Oxidative post-translational modifications and their involvement in the pathogenesis of autoimmune diseases.
Ryan BJ., Nissim A., Winyard PG.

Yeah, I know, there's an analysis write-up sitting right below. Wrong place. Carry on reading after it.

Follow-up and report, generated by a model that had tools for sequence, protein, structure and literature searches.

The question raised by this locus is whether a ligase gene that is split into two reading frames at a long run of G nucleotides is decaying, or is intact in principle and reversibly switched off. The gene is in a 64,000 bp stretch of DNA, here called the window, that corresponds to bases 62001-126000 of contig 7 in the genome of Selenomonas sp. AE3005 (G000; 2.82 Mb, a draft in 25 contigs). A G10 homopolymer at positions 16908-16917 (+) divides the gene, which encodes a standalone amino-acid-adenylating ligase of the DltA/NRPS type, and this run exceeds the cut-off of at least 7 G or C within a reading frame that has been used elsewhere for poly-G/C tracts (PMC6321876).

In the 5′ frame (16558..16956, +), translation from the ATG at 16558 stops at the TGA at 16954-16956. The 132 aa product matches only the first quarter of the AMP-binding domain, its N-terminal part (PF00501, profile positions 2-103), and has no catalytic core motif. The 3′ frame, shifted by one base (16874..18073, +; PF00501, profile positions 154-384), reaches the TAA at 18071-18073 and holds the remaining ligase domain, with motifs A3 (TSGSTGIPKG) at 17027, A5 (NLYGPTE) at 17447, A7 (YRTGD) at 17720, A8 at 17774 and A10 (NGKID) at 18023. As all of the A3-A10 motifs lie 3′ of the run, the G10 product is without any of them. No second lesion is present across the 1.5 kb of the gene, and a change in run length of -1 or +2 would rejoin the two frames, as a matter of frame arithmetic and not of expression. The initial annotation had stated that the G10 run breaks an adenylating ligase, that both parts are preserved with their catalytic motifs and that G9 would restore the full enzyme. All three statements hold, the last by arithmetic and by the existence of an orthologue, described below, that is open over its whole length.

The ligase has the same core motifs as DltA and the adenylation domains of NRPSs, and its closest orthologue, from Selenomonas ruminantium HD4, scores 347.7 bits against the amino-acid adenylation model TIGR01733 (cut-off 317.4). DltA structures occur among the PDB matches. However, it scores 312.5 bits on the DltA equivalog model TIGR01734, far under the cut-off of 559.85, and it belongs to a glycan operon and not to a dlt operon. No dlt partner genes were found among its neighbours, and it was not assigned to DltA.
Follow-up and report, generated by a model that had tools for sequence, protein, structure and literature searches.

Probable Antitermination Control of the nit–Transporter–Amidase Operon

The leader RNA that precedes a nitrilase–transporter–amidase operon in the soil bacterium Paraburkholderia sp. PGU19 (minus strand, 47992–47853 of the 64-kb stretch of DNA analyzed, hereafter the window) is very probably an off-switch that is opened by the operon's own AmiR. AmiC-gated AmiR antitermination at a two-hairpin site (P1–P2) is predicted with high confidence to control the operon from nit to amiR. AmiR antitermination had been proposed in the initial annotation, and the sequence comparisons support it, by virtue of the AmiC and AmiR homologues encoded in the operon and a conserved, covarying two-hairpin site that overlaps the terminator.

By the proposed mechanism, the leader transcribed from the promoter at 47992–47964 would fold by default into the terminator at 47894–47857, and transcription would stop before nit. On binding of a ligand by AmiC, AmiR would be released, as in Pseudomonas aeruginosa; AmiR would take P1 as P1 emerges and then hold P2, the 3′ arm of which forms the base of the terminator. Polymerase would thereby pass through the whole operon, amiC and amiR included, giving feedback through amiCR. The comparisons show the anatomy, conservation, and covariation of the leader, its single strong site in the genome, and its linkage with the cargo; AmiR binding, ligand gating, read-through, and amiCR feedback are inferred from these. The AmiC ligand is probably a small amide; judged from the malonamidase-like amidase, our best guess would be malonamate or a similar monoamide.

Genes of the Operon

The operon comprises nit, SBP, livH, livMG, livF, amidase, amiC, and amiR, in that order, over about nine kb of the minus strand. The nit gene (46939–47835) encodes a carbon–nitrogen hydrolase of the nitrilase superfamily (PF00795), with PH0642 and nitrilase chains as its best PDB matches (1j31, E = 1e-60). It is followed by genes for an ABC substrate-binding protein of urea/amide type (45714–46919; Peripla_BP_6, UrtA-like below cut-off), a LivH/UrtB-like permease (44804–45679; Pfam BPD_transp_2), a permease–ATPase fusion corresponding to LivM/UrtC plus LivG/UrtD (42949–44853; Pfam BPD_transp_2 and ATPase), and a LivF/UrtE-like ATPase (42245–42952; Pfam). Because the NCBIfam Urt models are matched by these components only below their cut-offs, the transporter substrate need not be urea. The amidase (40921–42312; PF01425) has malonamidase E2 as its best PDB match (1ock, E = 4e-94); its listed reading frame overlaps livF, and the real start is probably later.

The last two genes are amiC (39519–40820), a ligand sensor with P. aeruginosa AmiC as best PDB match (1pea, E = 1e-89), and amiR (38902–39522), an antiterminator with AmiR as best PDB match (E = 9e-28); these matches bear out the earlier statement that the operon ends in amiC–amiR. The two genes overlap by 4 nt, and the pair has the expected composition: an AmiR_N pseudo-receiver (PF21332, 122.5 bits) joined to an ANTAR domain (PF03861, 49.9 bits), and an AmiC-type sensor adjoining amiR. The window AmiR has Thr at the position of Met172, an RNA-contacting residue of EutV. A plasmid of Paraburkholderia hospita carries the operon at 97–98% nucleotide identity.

Tissue inflammation results in the production of numerous reactive oxygen, nitrogen and chlorine species, in addition to the products of lipid and sugar oxidation. Some of these products are capable of chemically modifying amino acids. This in turn results in changes to the structure and function of proteins. Increasing evidence demonstrates that such oxidative post-translational modifications result in the generation of neo-epitopes capable of eliciting both innate and adaptive immune responses. In this paper, we focus on how free radicals and related chemical species generated in inflammatory environments modulate the antigenicity of self-proteins, resulting in immune responses which involve the generation of autoantibodies against key autoantigens in autoimmune diseases. As examples, we will focus on Ro-60 and C1q in systemic lupus erythematosus, along with type-II collagen in rheumatoid arthritis. This review also covers some of the emerging literature which demonstrates that neo-epitopes generated by oxidation are conserved, as exemplified by the evolutionarily conserved pathogen-associated molecular patterns (PAMPs). We discuss how these observations relate to the pathogenesis of both human autoimmune diseases and inflammatory disease, such as atherosclerosis. The potential for these neo-epitopes and the immune responses against them to act as biomarkers or therapeutic targets is also discussed.